1266: The Hohenstaufen Dynasty Ends; Sicily goes French.  Manfred the son of Frederick II was killed in battle at Benevuto. Pope Clement IV had previously excommunicated Manfred and formed an alliance with Charles of Anjou (brother of Louis IX the king of France); Charles sent a force against Manfred who was betrayed by his own barons and was killed. Manfred makes a dramatic appearance in Purgatorio 3 still showing the wounds of this battle.

Charles of Anjou took over areas in southern Italy held by the Hohenstaufen but formed an alliance with Venice and aimed his intentions east.   Sicily would stay in French hands until 1272, when the Sicilians overthrew and massacred the French in the “Sicilian Vespers.”  Don’t think this was the beginning of independence for Sicily: for decades the island would be contested between different outside forces and eventually be governed by the Spanish until the 1800’s.

1266: Peaceful Florence. The Guelfs took back Florence for good, which ended the Ghibellene presence in the city. Farinata’s family was exiled once again. Dante would grow up in a relatively peaceful Florence.  Later the political situation in Florence would once again become deadly as the Guelfs themselves split into factions.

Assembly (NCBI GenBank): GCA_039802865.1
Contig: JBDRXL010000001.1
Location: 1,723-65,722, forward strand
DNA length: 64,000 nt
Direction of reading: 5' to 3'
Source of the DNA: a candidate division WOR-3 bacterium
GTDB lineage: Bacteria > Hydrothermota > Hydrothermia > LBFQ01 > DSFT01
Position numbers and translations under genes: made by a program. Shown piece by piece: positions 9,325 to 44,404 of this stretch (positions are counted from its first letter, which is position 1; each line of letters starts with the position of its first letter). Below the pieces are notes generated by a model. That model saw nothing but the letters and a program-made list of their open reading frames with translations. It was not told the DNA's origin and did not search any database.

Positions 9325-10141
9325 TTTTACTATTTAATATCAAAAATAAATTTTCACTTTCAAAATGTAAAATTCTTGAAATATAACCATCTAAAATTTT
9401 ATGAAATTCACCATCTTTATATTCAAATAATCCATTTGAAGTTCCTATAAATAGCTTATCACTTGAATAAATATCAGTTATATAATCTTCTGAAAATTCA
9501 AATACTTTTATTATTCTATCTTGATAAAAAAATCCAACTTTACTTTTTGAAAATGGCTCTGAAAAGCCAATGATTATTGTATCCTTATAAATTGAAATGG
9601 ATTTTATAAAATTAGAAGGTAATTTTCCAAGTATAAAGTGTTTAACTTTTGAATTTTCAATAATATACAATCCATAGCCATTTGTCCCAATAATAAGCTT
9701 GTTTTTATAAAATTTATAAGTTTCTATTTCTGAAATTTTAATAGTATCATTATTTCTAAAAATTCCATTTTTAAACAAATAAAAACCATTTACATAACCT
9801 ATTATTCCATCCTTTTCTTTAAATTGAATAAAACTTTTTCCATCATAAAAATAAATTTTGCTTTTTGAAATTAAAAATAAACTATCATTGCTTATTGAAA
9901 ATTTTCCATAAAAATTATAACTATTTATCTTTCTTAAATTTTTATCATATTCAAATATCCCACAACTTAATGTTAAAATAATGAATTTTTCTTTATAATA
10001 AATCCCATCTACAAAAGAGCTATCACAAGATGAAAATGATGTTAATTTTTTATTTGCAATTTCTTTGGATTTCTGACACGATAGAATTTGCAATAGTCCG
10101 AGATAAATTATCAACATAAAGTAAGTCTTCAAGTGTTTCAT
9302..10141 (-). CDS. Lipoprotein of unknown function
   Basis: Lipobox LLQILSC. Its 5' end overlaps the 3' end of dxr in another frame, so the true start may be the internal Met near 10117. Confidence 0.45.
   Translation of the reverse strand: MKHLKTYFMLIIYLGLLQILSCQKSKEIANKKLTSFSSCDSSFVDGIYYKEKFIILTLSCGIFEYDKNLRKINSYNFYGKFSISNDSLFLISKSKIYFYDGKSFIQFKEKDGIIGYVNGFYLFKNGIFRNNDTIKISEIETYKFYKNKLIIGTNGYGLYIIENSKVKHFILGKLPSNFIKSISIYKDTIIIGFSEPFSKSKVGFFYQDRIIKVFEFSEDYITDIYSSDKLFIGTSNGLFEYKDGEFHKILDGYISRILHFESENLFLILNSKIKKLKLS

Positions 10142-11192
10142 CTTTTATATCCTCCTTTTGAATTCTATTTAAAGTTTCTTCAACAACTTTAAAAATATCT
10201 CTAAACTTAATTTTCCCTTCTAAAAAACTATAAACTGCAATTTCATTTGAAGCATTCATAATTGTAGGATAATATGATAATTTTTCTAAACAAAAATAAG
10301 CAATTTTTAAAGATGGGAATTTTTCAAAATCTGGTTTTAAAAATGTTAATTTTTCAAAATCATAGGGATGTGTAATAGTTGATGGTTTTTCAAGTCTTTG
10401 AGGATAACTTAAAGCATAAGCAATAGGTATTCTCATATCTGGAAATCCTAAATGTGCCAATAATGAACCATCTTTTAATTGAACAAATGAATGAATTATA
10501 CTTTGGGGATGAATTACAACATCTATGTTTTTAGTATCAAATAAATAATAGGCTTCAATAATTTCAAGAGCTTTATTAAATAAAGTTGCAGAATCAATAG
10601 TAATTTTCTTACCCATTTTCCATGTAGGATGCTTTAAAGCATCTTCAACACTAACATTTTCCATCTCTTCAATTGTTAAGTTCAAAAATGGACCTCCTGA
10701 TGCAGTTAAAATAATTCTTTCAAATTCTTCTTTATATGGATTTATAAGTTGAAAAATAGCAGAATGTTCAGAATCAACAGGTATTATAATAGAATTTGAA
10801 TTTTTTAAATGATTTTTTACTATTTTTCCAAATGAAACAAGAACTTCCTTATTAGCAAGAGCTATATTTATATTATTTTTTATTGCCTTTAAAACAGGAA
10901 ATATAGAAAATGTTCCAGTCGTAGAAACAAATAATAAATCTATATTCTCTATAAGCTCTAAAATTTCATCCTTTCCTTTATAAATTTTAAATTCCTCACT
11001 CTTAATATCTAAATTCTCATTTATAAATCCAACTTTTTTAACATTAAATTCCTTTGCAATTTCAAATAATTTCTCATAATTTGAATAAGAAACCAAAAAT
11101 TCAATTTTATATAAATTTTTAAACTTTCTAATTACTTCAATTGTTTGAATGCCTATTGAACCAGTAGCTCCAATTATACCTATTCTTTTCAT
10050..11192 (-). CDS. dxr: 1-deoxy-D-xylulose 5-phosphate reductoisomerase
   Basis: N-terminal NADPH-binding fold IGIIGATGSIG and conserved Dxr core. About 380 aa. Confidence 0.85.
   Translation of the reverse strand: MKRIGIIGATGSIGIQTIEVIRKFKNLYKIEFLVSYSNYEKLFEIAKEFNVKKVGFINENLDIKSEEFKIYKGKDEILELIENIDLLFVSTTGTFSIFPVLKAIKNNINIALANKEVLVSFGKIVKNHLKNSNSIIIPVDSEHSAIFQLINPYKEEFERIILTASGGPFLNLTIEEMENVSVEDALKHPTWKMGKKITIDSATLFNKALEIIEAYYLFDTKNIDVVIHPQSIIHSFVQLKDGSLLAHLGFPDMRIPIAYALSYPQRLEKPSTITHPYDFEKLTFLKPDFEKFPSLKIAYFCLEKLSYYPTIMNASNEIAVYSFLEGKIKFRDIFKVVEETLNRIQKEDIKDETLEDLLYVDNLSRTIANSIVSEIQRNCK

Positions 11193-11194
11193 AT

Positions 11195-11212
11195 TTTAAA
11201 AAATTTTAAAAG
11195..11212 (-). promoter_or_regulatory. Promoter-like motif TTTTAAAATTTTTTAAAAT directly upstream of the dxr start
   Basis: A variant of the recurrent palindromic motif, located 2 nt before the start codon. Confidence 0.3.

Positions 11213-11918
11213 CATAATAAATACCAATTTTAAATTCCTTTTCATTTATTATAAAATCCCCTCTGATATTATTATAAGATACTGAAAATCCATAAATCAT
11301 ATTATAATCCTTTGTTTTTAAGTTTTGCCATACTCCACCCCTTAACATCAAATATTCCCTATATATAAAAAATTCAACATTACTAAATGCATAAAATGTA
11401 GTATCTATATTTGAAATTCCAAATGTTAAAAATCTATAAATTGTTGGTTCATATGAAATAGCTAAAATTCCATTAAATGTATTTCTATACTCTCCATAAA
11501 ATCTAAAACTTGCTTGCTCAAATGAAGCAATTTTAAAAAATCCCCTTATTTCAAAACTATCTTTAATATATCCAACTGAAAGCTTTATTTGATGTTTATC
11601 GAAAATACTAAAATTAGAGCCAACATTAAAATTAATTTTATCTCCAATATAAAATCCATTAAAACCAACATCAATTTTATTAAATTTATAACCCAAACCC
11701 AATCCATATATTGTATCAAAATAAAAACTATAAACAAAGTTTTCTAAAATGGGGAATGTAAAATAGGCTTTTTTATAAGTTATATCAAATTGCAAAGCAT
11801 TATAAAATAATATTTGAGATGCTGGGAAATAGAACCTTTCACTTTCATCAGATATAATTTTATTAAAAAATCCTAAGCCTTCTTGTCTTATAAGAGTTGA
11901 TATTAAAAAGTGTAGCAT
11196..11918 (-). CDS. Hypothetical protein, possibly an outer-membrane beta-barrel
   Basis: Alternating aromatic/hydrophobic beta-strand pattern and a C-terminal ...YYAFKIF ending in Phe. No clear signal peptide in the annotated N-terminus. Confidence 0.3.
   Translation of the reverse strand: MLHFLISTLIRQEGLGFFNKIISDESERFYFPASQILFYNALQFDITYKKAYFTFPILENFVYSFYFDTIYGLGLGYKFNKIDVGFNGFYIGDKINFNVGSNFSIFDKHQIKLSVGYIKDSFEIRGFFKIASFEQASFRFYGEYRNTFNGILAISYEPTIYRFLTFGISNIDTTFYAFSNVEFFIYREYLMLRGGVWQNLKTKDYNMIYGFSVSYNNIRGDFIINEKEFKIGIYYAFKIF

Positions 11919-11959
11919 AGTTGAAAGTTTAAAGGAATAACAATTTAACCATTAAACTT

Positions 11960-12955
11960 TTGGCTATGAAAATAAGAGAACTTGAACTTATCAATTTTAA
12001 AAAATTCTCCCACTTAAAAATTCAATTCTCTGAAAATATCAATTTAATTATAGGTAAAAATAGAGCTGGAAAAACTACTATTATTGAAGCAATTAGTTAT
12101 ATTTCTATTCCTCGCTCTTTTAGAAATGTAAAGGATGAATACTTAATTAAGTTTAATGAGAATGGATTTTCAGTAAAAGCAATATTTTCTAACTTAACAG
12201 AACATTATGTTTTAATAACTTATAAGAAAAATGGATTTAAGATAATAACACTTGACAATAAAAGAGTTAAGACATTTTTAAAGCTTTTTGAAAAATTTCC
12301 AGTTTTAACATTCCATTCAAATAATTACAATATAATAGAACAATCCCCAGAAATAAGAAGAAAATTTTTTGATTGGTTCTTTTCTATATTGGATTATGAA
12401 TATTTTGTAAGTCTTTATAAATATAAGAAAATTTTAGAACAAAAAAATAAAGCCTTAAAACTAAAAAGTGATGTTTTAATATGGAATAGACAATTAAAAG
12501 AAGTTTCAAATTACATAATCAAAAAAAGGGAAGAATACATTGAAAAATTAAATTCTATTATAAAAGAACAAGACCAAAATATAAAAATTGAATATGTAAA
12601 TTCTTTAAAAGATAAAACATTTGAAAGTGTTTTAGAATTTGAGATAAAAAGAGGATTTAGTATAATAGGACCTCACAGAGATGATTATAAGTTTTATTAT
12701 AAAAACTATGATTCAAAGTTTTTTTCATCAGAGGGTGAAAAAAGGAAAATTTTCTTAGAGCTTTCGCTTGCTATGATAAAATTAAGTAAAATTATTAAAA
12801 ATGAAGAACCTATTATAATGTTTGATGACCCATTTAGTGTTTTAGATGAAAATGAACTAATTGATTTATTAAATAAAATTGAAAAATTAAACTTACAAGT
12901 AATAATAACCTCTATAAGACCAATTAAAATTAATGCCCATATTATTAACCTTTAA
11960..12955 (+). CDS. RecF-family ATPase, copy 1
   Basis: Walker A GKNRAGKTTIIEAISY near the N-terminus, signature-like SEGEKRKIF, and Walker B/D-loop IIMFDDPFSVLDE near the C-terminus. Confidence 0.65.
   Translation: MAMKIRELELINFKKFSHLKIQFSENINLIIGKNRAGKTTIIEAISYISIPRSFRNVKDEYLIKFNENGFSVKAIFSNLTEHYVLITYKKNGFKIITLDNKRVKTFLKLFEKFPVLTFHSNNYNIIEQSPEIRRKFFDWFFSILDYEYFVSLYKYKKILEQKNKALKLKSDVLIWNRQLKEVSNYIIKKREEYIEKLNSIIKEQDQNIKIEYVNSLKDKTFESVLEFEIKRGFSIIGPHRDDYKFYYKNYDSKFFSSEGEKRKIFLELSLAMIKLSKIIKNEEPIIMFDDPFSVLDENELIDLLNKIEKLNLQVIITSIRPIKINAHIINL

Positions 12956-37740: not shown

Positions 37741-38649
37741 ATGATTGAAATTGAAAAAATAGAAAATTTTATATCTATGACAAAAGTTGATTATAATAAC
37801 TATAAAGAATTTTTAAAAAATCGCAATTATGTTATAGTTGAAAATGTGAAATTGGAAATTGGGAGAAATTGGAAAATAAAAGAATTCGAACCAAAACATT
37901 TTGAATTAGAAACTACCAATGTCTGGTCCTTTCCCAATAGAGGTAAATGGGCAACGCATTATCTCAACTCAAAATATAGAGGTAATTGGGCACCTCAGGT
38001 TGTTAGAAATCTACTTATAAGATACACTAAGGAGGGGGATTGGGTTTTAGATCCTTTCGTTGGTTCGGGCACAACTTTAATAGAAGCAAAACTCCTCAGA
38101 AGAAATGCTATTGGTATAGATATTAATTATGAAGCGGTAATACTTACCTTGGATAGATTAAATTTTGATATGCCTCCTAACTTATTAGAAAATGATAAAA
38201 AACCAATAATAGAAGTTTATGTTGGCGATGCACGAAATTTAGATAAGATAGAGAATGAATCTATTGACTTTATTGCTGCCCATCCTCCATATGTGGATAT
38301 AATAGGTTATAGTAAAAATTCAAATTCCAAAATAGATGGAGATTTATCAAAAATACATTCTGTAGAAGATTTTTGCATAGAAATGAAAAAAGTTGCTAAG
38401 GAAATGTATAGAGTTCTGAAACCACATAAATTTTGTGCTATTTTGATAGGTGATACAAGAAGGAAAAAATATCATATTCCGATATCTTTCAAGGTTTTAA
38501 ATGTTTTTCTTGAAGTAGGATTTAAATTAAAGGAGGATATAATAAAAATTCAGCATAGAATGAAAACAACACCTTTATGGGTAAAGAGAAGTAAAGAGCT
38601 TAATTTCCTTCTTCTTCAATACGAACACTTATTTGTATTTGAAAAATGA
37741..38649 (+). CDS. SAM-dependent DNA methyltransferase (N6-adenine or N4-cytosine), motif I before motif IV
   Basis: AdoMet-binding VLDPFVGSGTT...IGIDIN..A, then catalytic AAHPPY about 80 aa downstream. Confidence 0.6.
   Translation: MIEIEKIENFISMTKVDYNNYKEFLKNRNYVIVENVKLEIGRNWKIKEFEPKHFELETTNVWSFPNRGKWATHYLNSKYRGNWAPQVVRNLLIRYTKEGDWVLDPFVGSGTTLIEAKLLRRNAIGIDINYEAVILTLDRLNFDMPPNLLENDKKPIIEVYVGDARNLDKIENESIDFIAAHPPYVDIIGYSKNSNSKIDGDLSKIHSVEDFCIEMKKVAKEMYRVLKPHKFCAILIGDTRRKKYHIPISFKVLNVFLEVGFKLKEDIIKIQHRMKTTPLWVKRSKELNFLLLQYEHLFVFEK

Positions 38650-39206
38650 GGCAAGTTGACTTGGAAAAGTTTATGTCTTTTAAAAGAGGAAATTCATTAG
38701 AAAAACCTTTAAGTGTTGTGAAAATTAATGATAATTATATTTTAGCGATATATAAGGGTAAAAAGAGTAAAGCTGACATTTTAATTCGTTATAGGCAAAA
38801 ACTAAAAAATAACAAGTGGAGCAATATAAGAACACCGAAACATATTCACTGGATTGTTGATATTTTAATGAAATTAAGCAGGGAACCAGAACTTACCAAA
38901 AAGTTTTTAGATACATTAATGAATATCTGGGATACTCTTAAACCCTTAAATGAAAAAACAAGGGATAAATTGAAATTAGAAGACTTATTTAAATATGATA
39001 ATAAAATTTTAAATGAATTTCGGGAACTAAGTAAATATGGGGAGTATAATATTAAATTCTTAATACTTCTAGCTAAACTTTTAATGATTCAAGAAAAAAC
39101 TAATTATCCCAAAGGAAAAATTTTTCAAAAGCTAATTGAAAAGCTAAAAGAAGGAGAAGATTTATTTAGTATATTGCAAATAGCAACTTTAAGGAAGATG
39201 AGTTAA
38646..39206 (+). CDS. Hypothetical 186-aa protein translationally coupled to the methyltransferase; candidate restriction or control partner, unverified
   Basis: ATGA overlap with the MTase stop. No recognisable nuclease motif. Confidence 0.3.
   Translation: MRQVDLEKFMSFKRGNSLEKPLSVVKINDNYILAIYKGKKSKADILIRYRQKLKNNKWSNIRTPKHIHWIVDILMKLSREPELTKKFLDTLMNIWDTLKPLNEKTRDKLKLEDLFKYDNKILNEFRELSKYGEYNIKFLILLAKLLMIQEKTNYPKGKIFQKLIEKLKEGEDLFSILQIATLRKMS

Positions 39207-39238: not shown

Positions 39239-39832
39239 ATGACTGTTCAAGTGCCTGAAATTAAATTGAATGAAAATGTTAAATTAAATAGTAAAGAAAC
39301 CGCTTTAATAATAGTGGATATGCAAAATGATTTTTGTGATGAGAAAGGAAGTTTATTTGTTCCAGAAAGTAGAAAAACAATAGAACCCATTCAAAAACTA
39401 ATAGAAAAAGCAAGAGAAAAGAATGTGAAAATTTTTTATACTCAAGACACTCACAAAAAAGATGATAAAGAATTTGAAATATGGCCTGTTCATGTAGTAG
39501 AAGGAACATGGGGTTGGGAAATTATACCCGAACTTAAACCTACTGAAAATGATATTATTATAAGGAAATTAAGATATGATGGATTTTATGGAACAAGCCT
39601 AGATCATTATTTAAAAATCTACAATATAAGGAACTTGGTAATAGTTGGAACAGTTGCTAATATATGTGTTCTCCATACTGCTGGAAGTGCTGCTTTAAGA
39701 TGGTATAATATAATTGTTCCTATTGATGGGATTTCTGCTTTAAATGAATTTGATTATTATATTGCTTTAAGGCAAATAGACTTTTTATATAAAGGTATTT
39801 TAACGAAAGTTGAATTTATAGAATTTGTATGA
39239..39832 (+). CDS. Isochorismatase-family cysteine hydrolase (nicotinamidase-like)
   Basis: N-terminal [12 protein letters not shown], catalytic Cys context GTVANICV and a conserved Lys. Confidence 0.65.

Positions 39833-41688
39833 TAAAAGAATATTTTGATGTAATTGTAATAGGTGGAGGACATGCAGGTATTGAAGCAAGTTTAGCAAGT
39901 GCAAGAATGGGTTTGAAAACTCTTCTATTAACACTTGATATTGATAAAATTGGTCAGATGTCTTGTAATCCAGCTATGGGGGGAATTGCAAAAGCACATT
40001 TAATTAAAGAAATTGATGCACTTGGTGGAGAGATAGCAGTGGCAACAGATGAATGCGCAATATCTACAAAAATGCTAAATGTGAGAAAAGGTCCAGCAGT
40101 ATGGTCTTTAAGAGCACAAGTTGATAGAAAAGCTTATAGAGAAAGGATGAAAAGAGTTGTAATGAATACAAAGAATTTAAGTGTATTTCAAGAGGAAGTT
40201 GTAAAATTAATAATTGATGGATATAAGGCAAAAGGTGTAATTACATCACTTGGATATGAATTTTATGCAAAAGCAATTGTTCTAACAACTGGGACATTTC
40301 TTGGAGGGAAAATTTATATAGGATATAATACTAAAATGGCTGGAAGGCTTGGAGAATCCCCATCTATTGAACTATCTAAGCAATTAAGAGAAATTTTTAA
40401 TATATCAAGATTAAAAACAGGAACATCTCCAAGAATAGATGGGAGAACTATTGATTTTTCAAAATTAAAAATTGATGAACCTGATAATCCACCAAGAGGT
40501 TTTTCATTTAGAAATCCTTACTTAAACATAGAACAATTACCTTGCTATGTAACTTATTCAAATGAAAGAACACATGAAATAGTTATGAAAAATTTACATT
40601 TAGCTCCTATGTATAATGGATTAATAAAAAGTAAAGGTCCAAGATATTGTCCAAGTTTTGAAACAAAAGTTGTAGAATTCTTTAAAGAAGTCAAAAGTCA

Dante Alighieri Steps Onstage

1274: Life-Changing Events.  At the age of nine the lad Dante first saw Beatrice and fell in love with her on the spot.   Thomas Aquinas and Bonaventure both die.

1283: Dante’s Early Life.  In this year the teenage Dante was married to Gemma Donati whose ancestors we have met and whose relatives we will meet soon enough.  Dante and Gemma had four children and appeared to have had a relatively happy marriage, interrupted by his exile. Beatrice herself was married in 1287 to a man from a family with similar wealth and social standing as hers. Dante mentions neither marriage in his poetic writings.

During his early adult years Dante may have spent time in University of Bologna — where he may have learned his astrology.  In Florence one of his teachers was Brunetto Latini, from whom Dante learned classical literature and to read Virgil. Latini was also an example of a politically involved literary person as Dante himself would become.  We meet Latini memorably in Inferno 15.